North Carolina, Tom knows the food business well having served as a food sales representative before opening Coastal with his wife, M.C., almost four years ago. Finding Coastal is tricky as it can’t be seen from State Road 200. It’s located at 464099 SR 200, just behind the Verizon store in Yulee. Call ’em at 904/491-9998 or go to their web site at www.gocoastalpizza.com. They are open 11 a.m. to 9 p.m. Monday to Saturday and noon to 8 p.m. Sundays. This coming Wednesday, December 19, from 5-7 p.m. Main Beach’s Sandbar & Kitchen will conduct a “Bust the Barrel” featuring their own 13 1/2 year-old, 119.2 proof branded Whistlepig rye whiskey for $10 per person for a one and one-half ounce portion and a Whistlepig glass. Whistlepig shots this size normally for $16 and you can’t keep the glass. Happy hour there is also 3-6 p.m. Call ’em at 904/310-3648. I received a card in the mail alerting me that the Amelia Island Montessori School will conduct a chili cook-off February 23, 2019 at downtown Fernandina Beach’s Centre and 2nd Street from 11 a.m. to 1:30 p.m. Last year there was no cook-off and no explanation of why not so Pajamadave Voorhees decided to have one at his joint with several chili heads participating. If you want more information about the Montessori event call 904/261-6610. No word yet if PJDave is planning a repeat contest but it wouldn’t surprise me if he held a simultaneous challenge to make things even more interesting.
Dave, I must be older than you as my first polio vaccination was on a sugar cube not an injection. Much easier for us little kids than a shot.
Merry Christmas and Happy New Year to you and Linda. Have safe and fun travels.
Joyeux Noel et Bonne Annee
Merry Christmas! Thanks for your blog
Dave , the very best of all thoughts as you and Linda travel and visit family Your news and mews bring a nice cleansing breeze to this some what stuffy community. Thanks for all do in support of this community .Time for lunch when you get back. I’m now bionic like you.
MERRY CHTISMAS & HAPPY NEW YEAR. May all your wishes come true.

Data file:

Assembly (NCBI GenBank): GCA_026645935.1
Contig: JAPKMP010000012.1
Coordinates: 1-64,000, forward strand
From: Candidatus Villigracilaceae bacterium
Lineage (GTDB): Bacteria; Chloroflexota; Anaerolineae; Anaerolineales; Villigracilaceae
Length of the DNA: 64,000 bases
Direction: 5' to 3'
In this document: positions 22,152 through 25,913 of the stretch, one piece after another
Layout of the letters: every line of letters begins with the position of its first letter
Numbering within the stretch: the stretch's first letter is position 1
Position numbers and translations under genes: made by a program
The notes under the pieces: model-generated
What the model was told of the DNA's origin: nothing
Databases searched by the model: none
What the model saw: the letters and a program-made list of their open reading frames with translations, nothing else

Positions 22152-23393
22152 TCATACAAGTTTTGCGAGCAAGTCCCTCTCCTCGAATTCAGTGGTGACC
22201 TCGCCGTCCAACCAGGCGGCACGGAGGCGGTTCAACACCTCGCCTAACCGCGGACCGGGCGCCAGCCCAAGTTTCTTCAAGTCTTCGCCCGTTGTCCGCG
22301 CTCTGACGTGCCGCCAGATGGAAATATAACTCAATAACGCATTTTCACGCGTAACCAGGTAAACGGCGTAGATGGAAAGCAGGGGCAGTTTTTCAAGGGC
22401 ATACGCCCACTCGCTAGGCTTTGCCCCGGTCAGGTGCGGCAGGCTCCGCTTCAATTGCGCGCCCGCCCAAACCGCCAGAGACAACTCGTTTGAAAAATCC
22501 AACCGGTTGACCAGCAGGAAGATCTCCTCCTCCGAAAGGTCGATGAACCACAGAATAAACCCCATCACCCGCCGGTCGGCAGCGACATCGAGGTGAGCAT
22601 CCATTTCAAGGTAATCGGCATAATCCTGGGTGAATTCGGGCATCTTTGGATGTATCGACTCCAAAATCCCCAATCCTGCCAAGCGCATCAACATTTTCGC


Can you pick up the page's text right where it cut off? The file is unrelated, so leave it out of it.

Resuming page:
Hi Dave and Linda
Just to let you know that we still read your blog although we moved to Vero Beach two and a half years ago. We love it here also, but miss you, Linda and all our friends on the Island as well as the enchanting Island itself. We really appreciate that you keep us updated on all the changes and events. Makes us “homesick” sometime. However, we do visit once in a while and plan to be at the Ritz on New Year’s Eve as was our tradition while we lived there. Maybe we will see you and Linda there this year! Take care and thanks again for what you do.
Dave, have a merry Christmas and delightful New Year. Always enjoy your observations on the local and national political scene and know after a few weeks off, you will return with gusto. Your references to Veeck was memory evoking. He was indeed a character. Besides his showmanship he did a laudable job helping integrate baseball, particularly the American League. And yes, your main theme of how things in the US keep getting better is right on the mark and should be required reading for the naysayers of our society.
Dave, I hope you and Linda have a great sabbatic.. sybari.. break. Your blog is a flash of insight and delight – and you are right! We do have much to be thankful for.
Things have changed a lot in the last seven decades, and I’ve tried to stay up with it all, from entertainment to entanglement theory. Two that have bothered me lately are word and phrase definition changes, and cockroaches.